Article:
that these kinds of drugs can effectively treat his condition. But even if
they could, people have a right to make choices about their own medical
treatment and even refuse treatment when they see fit to do so. Dr. Sell
hasn’t lost the right to make decisions about his own medical treatment just
because he’s accused of a crime.
· Typically, forced
drugging is reserved for extreme cases where someone will likely cause harm
to himself or others if he is not medicated. A lower court has already
found that Dr. Sell poses no danger to himself or others.
6. How can someone who
is not competent to stand trial be expected to make good decisions about his
own medical treatment?
When we talk about competence in this case we’re talking about competence
to stand trial, or the ability to understand what’s going on at trial
and meaningfully participate. Being incompetent to stand trial is not the
same thing as being legally incompetent, or lacking the ability to
care and make decisions for oneself. Being mentally ill doesn’t
automatically make a person legally incompetent. In this case Dr. Sell has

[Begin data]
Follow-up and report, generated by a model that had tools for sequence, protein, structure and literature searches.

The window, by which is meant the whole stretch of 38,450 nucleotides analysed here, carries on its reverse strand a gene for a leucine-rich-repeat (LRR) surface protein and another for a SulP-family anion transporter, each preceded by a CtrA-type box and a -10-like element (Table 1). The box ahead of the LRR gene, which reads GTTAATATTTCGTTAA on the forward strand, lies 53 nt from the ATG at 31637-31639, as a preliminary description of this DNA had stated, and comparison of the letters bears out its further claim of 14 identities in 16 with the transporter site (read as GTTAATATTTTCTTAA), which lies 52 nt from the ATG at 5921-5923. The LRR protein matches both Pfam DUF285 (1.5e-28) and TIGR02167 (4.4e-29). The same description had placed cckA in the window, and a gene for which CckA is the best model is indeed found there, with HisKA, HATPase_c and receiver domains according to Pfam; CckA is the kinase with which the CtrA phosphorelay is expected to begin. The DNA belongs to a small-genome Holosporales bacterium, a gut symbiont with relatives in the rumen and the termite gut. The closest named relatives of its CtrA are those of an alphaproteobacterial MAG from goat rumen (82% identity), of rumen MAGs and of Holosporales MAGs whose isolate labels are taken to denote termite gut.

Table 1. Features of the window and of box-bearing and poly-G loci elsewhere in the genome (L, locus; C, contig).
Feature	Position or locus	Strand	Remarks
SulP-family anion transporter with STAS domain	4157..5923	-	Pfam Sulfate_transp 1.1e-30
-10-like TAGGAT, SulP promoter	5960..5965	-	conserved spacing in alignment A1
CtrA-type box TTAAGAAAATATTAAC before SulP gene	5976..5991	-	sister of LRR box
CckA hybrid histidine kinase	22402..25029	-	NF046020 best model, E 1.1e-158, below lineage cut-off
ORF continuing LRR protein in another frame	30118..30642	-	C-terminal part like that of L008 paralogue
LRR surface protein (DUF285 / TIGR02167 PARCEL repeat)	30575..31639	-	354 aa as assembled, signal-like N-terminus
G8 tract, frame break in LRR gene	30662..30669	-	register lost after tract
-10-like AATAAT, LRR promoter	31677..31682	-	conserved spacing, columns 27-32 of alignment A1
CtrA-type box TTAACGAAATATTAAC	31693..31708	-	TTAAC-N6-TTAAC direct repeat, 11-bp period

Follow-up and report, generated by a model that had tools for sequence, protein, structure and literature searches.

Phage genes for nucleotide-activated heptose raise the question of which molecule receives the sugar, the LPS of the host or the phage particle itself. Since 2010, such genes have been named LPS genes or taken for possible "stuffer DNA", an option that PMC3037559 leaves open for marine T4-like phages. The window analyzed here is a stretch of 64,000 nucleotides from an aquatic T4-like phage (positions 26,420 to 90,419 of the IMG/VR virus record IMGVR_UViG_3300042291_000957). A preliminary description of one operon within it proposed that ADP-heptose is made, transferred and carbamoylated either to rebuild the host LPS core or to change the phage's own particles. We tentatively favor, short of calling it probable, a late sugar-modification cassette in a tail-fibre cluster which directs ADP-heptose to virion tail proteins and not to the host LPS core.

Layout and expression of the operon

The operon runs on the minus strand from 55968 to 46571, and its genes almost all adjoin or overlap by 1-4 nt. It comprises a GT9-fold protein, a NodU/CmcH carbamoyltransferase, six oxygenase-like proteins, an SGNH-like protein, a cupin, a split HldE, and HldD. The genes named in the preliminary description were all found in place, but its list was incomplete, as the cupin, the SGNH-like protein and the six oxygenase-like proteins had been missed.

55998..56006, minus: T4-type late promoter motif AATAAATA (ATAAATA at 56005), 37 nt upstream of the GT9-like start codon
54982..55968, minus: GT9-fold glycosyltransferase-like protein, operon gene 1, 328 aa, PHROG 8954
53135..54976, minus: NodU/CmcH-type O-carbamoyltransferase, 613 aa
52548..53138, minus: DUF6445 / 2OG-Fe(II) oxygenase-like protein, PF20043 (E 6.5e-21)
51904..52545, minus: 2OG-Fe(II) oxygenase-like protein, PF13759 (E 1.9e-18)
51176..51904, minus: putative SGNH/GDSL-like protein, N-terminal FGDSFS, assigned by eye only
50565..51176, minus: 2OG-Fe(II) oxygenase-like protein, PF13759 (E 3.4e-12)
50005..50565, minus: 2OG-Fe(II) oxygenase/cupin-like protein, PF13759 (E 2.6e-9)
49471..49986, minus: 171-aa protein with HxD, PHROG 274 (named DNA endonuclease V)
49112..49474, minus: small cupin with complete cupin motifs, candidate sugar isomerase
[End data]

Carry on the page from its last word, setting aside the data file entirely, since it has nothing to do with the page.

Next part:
been found to be incompetent to stand trial, but not legally incompetent.
7. But isn’t it
irrational to refuse the medicine that will cure your mental illness?
drugs are a relatively new kind of therapy. They don’t actually “cure”
mental illness; rather they suppress some of the symptoms of mental
illness. They also have one of the highest side-effect profiles of any
class of drugs.
· The side effects of
anti-psychotic drugs can be so agonizing that patients often find them
harder to bear than their illness. Therefore even people whose illness
causes them to behave irrationally can have very rational reasons for
refusing these drugs.
· Even if Dr. Sell is
medicated, and the symptoms of his illness are suppressed, this doesn’t
necessarily mean he will become competent to stand trial. The drugs may
make him feel lethargic or “out of it”, or worse, unable to understand or
effectively communicate about what’s going on. It will be impossible to
tell if the drugs create more trial prejudice than they prevent by
supposedly “rendering” him competent.
· Aside from these
issues, there is still a deeper principle at stake here; namely, the
fundamental right of any person – so long as he or she is not endangering
others—to engage in whatever type of thinking he or she chooses. So-called